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I have a Microsoft SQL Server instance on my server with more than 100 databases and users. Sometimes, the SQL Server process use 100% of server CPU and I want to know which query/user/database is causing this and using so much resources.

For MySQL, I use the mysqladmin pr command to see which users are currently connected. Also, the slow query log shows the queries that take more than X seconds to be completed.

I would like to know if there are similar commands for SQL Server.

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2 Answers

There's a ton of dynamic management views (DMVs) you can use to get the data, but the easiest way is to use Adam Machanic's sp_WhoIsActive stored proc. Here's a video on how to use it:

http://www.brentozar.com/archive/2010/09/sql-server-dba-scripts-how-to-find-slow-sql-server-queries/

And you can download it from here:

http://sqlblog.com/blogs/adam_machanic/archive/tags/sp_5F00_whoisactive/default.aspx

The output includes columns for the database name, CPU cycles used, query duration, and more.

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The CPU at 100% is only a problem if it stays at 100% for a prolonged period of time. More important is disk IO and memory usage. If these are high then you will need to do some tuning of the databases, such as getting better hardware of splitting the databases across servers.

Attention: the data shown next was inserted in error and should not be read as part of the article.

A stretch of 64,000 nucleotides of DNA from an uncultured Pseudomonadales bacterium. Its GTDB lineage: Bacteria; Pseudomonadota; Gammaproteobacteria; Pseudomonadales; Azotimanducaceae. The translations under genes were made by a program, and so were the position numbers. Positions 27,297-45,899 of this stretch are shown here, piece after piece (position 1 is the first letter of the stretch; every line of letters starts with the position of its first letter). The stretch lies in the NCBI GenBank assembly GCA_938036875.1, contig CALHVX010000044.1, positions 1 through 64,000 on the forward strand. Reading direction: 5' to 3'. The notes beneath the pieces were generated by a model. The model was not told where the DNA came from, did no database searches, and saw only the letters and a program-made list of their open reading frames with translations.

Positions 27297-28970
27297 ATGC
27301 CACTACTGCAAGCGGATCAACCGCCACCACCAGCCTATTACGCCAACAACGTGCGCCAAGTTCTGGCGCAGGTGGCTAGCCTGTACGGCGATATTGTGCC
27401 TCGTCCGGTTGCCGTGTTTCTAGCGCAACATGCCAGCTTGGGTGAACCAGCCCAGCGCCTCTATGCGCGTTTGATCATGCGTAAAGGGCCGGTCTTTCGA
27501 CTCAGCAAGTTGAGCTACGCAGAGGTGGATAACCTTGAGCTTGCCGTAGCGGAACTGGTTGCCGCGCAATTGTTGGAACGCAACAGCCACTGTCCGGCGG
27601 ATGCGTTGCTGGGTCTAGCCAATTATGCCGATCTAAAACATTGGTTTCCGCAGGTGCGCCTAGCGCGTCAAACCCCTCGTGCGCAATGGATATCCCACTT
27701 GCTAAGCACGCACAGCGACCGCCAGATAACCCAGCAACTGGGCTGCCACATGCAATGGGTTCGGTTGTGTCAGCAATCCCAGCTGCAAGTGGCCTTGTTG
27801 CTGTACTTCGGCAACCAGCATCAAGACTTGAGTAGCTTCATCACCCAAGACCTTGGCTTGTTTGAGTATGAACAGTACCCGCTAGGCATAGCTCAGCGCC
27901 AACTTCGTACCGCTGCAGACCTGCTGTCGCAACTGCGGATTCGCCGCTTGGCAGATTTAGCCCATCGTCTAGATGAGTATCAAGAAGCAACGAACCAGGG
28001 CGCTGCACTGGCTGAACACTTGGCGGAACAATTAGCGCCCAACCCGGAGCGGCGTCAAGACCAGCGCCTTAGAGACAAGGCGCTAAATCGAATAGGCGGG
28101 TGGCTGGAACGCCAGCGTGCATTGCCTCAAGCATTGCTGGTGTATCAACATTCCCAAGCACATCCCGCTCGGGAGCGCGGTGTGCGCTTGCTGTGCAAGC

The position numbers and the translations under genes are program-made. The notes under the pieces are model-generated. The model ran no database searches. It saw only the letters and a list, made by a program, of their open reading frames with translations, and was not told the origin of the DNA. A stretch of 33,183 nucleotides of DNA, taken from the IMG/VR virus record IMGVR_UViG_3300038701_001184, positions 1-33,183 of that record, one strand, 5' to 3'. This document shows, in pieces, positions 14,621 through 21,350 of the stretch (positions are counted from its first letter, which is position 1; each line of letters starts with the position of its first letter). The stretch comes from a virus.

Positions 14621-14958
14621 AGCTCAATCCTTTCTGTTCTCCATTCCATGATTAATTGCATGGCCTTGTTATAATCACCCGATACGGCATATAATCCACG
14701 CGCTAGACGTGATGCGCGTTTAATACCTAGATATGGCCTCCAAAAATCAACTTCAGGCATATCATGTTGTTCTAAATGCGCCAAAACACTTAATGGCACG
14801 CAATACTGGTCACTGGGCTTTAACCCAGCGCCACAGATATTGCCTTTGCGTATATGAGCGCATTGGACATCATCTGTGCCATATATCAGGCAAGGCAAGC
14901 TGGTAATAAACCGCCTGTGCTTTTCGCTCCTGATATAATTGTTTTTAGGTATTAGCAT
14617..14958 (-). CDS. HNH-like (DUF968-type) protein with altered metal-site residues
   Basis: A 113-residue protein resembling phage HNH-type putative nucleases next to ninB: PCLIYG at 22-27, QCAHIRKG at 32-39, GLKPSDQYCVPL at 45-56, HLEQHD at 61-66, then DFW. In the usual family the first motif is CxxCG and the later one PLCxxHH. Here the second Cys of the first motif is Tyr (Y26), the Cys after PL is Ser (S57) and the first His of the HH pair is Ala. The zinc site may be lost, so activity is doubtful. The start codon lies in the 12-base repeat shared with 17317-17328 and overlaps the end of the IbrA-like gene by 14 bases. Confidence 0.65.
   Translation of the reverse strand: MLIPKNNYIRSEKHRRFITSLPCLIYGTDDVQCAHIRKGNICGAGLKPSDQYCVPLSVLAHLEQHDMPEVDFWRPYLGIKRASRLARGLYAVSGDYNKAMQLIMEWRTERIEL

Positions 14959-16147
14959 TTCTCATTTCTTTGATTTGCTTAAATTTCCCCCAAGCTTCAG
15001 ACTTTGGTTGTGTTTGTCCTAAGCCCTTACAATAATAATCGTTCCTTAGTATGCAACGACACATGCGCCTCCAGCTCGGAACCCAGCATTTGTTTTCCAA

The next action to make is to run profiler ( http://msdn.microsoft.com/en-us/library/ms181091.aspx ). You could do a couple of passes with this. Firstly you could just look at connections to see which DB's are being used the most and which are not used. Next look for long running queries - these are the ones to tune as they will be using the most resources. If the database is transactional, look for the queries that are run very frequently (put the profiler output into a database table and count by query) and look at tuning them.

You could also explore the system tables which store some of the information you need ( http://msdn.microsoft.com/en-us/library/aa260604%28v=sql.80%29.aspx )

If performance is still an issue, then you need to look at new hardware (bigger server, faster disk, more memory, faster network) or to split the databases across servers.

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